Should you need to go to hospital, your doctor will arrange a bed and find a specialist on the staff to consult you. Of course, none of this holds true in the event of an emergency, when you get admitted without previous notice. According to the specific health plan you’re in, you can find yourself in anything from a single to a four-bed room. Most hospitals do not automatically provide gowns, towels or toilet articles for in-patients.
Nursing Care Insurance
Regardless of whether you are a member of the public or private health care insurance plan, you will also be required to pay into the German government’s mandatory long-term nursing care plan (Pflegepflichtversicherung). This nursing care insurance covers a certain portion of the costs of personal nursing needs, such as feeding and bathing, for those people who become substantially disabled. The cost is an additional 2.55 percent of your gross salary (up to a maximum of € 121 per month) in the GKV, and your employer will pay half up to € 55.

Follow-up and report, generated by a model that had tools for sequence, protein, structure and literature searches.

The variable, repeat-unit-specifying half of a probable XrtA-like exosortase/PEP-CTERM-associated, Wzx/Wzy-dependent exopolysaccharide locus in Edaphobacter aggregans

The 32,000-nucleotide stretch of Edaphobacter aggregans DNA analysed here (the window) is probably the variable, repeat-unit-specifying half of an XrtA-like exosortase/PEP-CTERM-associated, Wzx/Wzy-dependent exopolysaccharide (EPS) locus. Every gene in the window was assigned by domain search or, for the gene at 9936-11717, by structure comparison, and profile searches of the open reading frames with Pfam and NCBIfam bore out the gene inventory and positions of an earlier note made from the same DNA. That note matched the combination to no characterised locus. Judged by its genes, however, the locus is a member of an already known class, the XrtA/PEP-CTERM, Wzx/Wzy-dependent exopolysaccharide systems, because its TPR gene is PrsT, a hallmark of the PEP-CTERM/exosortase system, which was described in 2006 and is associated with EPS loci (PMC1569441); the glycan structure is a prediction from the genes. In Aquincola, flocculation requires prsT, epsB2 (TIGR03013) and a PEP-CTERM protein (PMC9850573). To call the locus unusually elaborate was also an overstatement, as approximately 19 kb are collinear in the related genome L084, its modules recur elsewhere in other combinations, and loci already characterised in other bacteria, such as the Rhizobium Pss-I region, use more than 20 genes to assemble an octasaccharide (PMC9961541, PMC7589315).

Almost any medicine you’ll need can be found at your friendly local pharmacy (they are called Apotheke). In fact, even most non-prescription medicines can be found only at the pharmacy, too. Vitamins and various non-medicinal health aids can be picked up at supermarkets or beauty and health-care shops. If you’re in a health insurance program, the prescription medicines are subsidized – if you are enrolled in the state system, you’ll have to make a co-payment of € 5-10 per medicine, whereby prescription medicines are free for children.
If your local Apotheke doesn’t have the medicine in stock, they will order it, and it will usually be delivered at the latest within the next 24 hours. While the pharmacies tend to close at 6.30 p.m., there are emergency dispenser services – each Apotheke has a display informing you where the next all-night dispensary is. There, you will have to ring a bell to be served; typically, there is a window in the door through which the medicines will be issued.